It’s not always easy to convince toddlers to do things (especially healthy things). Here’s how one mom taught her son to enjoy brushing
Becoming a mom is one of the most rewarding things I’ve ever done, but that doesn’t mean I don’t have my struggles! Raising a toddler has been hard, hilarious, and constantly full of life lessons. I’m writing this piece on how I taught my little guy to enjoy brushing his teeth with the hopes that other parents might find it helpful.
The first time I realized my son was officially a toddler (he’s 29 months), we were ho-humming through our usual end-of-the-day routine. The minute the word “bed” escaped my lips (I didn’t even get to “time”), there was a category-five tantrum and a tiny hurricane whirling through my living room. It was in this moment that I realized my oblivious little baby was actually very aware of what was going on around him.
From then on, everything that pointed toward the direction of sleep became a struggle, especially when it came to brushing his teeth. And while I might budge here and there on the time I’ll let his head hit the pillow, having good dental hygiene isn’t something I want to waiver on. Here’s how I taught him to look forward to brushing his teeth, rather than thinking it was a chore.
How I Helped My Son Learn to Enjoy Brushing
Practice, Practice, Practice
Routines are important, and it takes time to build them with kids. Once my son got his first tooth, I made it a point to have him hold a toothbrush and brush it around in his mouth for practice. Doing this for a few minutes each day made it much easier to transition into actual teeth-brushing down the line.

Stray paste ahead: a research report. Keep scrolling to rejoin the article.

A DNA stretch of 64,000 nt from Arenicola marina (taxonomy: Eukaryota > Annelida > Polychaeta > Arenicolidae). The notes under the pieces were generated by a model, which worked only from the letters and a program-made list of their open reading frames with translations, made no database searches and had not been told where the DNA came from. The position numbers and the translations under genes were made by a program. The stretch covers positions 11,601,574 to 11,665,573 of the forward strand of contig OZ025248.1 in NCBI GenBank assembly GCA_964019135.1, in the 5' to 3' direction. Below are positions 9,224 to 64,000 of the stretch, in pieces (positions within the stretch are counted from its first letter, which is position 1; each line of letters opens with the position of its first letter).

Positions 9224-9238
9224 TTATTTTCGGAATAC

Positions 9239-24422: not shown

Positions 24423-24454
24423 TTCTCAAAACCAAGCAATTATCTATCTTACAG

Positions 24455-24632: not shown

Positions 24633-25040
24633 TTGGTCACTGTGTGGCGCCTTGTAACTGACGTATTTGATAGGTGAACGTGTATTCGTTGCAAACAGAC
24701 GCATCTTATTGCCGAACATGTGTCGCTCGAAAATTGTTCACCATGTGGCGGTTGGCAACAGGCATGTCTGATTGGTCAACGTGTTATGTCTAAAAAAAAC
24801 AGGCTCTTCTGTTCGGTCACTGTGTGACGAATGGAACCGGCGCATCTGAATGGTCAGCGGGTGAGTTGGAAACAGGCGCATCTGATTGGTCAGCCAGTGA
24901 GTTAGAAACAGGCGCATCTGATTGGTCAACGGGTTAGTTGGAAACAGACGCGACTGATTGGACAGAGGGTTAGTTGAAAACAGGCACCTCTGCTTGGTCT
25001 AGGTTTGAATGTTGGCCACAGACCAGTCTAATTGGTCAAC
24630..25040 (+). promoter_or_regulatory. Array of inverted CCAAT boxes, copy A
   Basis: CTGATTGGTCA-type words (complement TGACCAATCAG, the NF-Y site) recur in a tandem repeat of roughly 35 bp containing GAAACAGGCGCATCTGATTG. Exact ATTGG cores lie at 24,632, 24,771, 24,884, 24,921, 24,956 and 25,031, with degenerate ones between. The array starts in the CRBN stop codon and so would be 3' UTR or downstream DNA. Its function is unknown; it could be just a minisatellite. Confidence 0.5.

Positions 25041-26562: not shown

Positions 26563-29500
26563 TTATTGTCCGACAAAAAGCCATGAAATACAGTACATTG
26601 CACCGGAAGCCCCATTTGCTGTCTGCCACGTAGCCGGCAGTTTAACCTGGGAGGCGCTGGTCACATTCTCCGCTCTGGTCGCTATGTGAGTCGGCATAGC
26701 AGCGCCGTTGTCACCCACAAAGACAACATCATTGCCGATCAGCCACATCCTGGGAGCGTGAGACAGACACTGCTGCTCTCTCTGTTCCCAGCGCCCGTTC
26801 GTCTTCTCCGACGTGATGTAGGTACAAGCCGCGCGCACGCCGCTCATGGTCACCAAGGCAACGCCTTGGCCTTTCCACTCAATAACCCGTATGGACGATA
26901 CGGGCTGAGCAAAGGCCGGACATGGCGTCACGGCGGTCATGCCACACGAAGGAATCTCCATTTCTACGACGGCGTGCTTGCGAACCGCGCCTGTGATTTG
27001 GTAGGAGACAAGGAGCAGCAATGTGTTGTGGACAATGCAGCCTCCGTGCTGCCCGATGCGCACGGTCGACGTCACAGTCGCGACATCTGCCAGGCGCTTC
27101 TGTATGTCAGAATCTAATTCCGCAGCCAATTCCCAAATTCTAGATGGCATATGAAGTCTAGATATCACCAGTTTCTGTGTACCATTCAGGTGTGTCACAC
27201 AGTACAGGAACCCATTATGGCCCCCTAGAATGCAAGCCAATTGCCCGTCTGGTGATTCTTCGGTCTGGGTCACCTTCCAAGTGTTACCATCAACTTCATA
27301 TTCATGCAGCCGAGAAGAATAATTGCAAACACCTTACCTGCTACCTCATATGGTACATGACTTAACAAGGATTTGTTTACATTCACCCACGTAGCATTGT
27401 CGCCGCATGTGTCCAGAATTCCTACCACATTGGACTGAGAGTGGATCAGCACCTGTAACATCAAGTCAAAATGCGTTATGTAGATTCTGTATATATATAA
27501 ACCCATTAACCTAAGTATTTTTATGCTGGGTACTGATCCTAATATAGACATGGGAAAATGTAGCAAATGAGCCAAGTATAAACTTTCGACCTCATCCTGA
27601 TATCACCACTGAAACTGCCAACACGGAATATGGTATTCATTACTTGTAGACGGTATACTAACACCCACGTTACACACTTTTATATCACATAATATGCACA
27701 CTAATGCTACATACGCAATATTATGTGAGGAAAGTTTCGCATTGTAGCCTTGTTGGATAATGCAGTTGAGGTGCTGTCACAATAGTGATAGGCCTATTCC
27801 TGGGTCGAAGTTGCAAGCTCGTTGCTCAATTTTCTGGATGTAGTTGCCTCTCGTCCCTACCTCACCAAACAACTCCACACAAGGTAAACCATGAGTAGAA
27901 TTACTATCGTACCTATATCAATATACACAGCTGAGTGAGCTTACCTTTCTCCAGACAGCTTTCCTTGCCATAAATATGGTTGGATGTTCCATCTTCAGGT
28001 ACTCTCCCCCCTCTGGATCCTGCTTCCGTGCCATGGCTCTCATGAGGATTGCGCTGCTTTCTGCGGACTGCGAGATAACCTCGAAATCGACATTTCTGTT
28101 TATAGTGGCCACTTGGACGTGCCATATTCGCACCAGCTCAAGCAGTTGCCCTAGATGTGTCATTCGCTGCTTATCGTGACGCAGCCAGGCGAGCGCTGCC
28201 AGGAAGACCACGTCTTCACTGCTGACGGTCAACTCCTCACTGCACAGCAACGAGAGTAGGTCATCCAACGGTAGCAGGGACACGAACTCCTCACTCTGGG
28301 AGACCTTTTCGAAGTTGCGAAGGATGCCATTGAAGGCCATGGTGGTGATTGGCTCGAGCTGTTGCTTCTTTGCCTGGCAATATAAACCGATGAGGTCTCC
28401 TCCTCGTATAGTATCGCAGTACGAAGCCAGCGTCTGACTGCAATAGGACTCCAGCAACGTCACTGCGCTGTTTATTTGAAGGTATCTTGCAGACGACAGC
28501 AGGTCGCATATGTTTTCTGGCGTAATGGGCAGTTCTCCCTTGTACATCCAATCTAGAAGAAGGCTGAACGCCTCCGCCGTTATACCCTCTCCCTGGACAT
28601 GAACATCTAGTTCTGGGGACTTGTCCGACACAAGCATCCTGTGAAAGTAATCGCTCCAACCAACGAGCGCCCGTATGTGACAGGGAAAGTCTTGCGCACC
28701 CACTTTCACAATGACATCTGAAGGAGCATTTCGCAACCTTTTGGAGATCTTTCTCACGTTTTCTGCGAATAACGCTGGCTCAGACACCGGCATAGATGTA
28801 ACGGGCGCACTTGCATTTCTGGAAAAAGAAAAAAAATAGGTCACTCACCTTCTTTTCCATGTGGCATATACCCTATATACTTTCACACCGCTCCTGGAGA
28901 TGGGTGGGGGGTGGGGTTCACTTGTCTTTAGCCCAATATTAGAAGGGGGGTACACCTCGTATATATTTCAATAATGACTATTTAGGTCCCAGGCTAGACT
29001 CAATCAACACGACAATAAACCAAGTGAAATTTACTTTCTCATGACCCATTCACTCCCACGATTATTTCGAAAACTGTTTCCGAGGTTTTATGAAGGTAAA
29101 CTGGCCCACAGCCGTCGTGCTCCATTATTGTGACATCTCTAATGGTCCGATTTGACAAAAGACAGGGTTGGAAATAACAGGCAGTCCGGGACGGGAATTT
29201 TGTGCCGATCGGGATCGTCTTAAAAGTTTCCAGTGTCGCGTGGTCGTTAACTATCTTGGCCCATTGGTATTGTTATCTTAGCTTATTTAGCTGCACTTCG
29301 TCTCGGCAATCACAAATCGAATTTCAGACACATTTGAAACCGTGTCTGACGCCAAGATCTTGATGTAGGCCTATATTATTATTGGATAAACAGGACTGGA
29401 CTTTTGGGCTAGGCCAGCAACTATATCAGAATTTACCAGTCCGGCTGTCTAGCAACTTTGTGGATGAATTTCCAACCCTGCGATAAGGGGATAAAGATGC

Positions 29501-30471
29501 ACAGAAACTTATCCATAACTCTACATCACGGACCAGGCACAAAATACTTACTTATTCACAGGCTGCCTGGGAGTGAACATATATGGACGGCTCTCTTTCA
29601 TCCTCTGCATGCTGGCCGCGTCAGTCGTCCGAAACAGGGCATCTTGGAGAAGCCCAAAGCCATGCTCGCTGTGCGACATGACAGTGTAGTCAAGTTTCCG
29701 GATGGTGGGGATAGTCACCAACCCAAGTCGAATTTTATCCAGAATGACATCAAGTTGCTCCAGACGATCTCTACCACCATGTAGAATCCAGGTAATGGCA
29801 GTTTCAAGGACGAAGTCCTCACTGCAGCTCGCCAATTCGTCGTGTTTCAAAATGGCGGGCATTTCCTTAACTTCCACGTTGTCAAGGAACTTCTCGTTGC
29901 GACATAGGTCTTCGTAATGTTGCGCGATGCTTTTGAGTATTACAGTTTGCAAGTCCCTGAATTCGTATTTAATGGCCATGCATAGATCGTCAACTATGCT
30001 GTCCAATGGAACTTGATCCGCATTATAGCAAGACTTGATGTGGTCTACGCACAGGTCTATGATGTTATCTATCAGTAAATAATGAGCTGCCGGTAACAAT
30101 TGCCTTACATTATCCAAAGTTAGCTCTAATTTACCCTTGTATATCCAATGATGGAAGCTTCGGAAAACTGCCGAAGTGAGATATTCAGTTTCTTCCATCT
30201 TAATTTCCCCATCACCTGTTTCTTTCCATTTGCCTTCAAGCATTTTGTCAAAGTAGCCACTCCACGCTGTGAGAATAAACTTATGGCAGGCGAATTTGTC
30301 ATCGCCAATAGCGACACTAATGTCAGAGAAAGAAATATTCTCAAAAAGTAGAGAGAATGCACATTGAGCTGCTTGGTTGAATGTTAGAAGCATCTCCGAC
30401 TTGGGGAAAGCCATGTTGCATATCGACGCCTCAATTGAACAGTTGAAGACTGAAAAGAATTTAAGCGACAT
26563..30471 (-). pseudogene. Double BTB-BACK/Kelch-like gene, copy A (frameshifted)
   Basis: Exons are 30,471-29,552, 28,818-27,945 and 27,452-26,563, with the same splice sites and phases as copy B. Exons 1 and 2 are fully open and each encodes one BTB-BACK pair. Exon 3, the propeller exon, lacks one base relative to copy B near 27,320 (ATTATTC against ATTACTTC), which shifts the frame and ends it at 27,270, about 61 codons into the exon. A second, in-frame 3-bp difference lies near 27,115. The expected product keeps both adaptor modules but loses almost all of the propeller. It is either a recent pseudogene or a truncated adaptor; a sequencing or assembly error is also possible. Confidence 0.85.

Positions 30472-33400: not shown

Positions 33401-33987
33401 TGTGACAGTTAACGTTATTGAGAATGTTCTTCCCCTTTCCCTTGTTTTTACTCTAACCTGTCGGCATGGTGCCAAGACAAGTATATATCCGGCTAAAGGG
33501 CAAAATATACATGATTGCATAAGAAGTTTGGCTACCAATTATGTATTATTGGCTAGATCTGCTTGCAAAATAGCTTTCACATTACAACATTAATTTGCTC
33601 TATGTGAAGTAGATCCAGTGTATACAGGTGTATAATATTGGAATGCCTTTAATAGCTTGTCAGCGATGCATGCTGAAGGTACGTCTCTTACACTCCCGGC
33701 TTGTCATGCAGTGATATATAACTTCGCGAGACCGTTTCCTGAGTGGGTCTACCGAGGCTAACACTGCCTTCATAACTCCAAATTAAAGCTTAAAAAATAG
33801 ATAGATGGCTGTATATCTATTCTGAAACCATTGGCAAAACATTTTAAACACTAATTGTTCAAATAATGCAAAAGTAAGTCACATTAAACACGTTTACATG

Give Little Teeth a Treat
I have no shame in admitting that offering up a small treat (like an extra 10 minutes of TV time or allowing him to pick his favorite snack at the grocery store) is how I get my son to do 75 percent of the things I need him to do in a given day. To help him actually want to use toothpaste, I told him we were giving his teeth a treat and it was going to taste really yummy. Thankfully, Aquafresh Bubblemint Toothpaste really does taste good (I’ve tried it – lead by example, they say!), so he’s not stuck with an icky aftertaste in his mouth. (An important note to parents, talk to your dentist first about when it’s appropriate for your child to start brushing with a fluoride toothpaste.)
Name the Toothbrush
Like most kids, my son loves to sing. Telling him we have to “warm up our singing voices” by saying “ahhh” helps him open his mouth as wide as he can and reach those back teeth without gagging or whining. (Warning: If you go this route, be prepared to do a few choruses of “The Itsy Bitsy Spider” after. Can’t warm up those vocal chords for no reason!)
Do It Together
Kids can be unpredictable. Even with a routine, there are mornings when my son just doesn’t feel like brushing his teeth. Instead of begging and nagging on those days, I stick to my own routine – but have him come along. He’ll watch me get ready for the day and brush my teeth (I’m an Aquafresh Extreme Clean toothpaste kind of girl), and within a few minutes, I usually find he wants to grab his brush and join in with me.
*The author is not depicted in the above image